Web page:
rlogind - remote login server
/etc/rlogind [ -d ]
Rlogind is the server for the rlogin(1C) program. The server provides
a remote login facility with authentication based on privileged port
Rlogind listens for service requests at the port indicated in the
``login'' service specification; see services(5). When a service
request is received the following protocol is initiated:
1) The server checks the client's source port. If the port is not
in the range 0-1023, the server aborts the connection.
2) The server checks the client's source address. If the address
is associated with a host for which no corresponding entry
exists in the host name data base (see hosts(5)), the server
aborts the connection.
Once the source port and address have been checked, rlogind allocates a
pseudo terminal (see pty(4)), and manipulates file descriptors so that
the slave half of the pseudo terminal becomes the stdin , stdout , and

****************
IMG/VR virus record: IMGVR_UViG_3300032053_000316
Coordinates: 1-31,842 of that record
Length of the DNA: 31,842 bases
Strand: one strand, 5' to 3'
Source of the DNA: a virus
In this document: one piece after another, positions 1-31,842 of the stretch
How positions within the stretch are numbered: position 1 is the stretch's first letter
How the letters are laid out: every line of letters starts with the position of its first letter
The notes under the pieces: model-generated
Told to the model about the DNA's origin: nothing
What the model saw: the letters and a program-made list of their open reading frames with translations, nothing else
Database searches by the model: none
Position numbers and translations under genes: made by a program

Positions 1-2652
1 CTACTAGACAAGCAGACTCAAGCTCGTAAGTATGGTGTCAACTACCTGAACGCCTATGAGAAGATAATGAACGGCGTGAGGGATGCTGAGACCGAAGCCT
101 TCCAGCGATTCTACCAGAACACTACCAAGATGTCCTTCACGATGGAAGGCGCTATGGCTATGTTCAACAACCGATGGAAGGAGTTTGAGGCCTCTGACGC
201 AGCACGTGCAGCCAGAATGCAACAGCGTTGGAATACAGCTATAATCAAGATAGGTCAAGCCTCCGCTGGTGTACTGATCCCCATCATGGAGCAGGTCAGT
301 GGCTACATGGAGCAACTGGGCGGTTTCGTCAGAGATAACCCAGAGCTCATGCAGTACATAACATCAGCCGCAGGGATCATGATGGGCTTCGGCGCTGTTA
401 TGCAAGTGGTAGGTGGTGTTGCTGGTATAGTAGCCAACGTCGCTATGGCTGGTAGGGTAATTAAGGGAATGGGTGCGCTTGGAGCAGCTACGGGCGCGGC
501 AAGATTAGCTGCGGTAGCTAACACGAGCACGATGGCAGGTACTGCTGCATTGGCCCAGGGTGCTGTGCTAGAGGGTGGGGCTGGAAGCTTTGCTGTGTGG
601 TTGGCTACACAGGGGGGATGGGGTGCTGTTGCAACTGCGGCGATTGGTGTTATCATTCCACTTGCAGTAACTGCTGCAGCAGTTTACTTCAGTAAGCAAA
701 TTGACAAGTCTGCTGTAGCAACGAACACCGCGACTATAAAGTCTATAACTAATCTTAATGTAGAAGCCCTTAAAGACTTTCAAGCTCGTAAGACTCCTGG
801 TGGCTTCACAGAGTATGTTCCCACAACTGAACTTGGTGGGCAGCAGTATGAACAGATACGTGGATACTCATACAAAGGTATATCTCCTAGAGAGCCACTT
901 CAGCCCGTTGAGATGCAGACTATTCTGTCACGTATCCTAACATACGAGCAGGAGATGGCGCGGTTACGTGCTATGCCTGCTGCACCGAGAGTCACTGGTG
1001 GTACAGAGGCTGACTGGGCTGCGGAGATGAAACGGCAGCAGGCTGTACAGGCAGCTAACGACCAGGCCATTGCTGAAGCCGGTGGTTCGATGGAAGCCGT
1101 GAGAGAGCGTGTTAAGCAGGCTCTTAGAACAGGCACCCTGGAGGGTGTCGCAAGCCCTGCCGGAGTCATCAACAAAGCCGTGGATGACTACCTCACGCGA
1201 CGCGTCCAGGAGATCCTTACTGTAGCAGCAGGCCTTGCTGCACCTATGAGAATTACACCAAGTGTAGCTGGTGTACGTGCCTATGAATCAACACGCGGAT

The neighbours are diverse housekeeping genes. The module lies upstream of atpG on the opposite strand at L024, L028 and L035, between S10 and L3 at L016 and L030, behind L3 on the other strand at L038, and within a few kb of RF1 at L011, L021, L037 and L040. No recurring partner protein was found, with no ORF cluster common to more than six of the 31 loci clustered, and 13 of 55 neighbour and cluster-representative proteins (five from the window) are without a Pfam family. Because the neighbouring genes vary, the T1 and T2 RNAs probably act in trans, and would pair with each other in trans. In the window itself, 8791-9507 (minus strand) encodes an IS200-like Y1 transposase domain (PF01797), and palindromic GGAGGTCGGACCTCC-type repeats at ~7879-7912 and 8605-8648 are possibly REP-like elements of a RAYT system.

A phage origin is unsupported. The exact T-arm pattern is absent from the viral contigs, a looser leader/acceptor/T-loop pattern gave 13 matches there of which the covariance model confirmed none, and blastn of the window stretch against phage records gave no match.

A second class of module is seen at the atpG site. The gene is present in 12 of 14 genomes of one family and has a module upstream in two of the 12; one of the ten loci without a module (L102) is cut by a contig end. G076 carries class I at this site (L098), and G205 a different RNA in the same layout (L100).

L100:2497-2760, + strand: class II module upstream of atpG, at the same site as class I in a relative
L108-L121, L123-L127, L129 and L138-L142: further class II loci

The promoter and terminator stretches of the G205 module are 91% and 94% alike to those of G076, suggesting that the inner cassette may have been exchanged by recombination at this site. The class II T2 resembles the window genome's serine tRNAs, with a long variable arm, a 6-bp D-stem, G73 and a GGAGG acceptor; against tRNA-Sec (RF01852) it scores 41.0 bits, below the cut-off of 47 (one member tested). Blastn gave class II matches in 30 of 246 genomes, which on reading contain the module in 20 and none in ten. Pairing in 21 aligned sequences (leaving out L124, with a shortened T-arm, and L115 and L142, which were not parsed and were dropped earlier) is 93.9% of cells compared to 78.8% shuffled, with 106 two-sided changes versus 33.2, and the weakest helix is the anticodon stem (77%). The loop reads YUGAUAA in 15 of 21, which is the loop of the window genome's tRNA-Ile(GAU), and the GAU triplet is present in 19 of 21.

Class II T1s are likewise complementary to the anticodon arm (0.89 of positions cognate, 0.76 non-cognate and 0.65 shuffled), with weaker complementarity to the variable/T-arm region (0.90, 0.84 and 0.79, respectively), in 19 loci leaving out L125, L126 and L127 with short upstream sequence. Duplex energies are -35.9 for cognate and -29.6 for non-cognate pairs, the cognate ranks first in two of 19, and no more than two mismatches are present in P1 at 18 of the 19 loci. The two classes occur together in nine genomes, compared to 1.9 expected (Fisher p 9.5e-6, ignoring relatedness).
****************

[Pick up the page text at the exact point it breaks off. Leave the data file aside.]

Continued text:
stderr for a login process. The login process is an instance of the
login(1) program, invoked with the -r option. The login process then
proceeds with the authentication process as described in rshd(8C), but
if automatic authentication fails, it reprompts the user to login as
one finds on a standard terminal line.
The parent of the login process manipulates the master side of the pse-
duo terminal, operating as an intermediary between the login process
and the client instance of the rlogin program. In normal operation,
the packet protocol described in pty(4) is invoked to provide ^S/^Q
type facilities and propagate interrupt signals to the remote programs.
The login process propagates the client terminal's baud rate and termi-
nal type, as found in the environment variable, ``TERM''; see envi-
All diagnostic messages are returned on the connection associated with
the stderr, after which any network connections are closed. An error
is indicated by a leading byte with a value of 1.
``Hostname for your address unknown.''
No entry in the host name database existed for the client's machine.
A fork by the server failed.
The user's login shell could not be started.
The authentication procedure used here assumes the integrity of each
client machine and the connecting medium. This is insecure, but is
useful in an ``open'' environment.
A facility to allow all data exchanges to be encrypted should be
4th Berkeley Distribution 4 March 1983 RLOGIND(8C)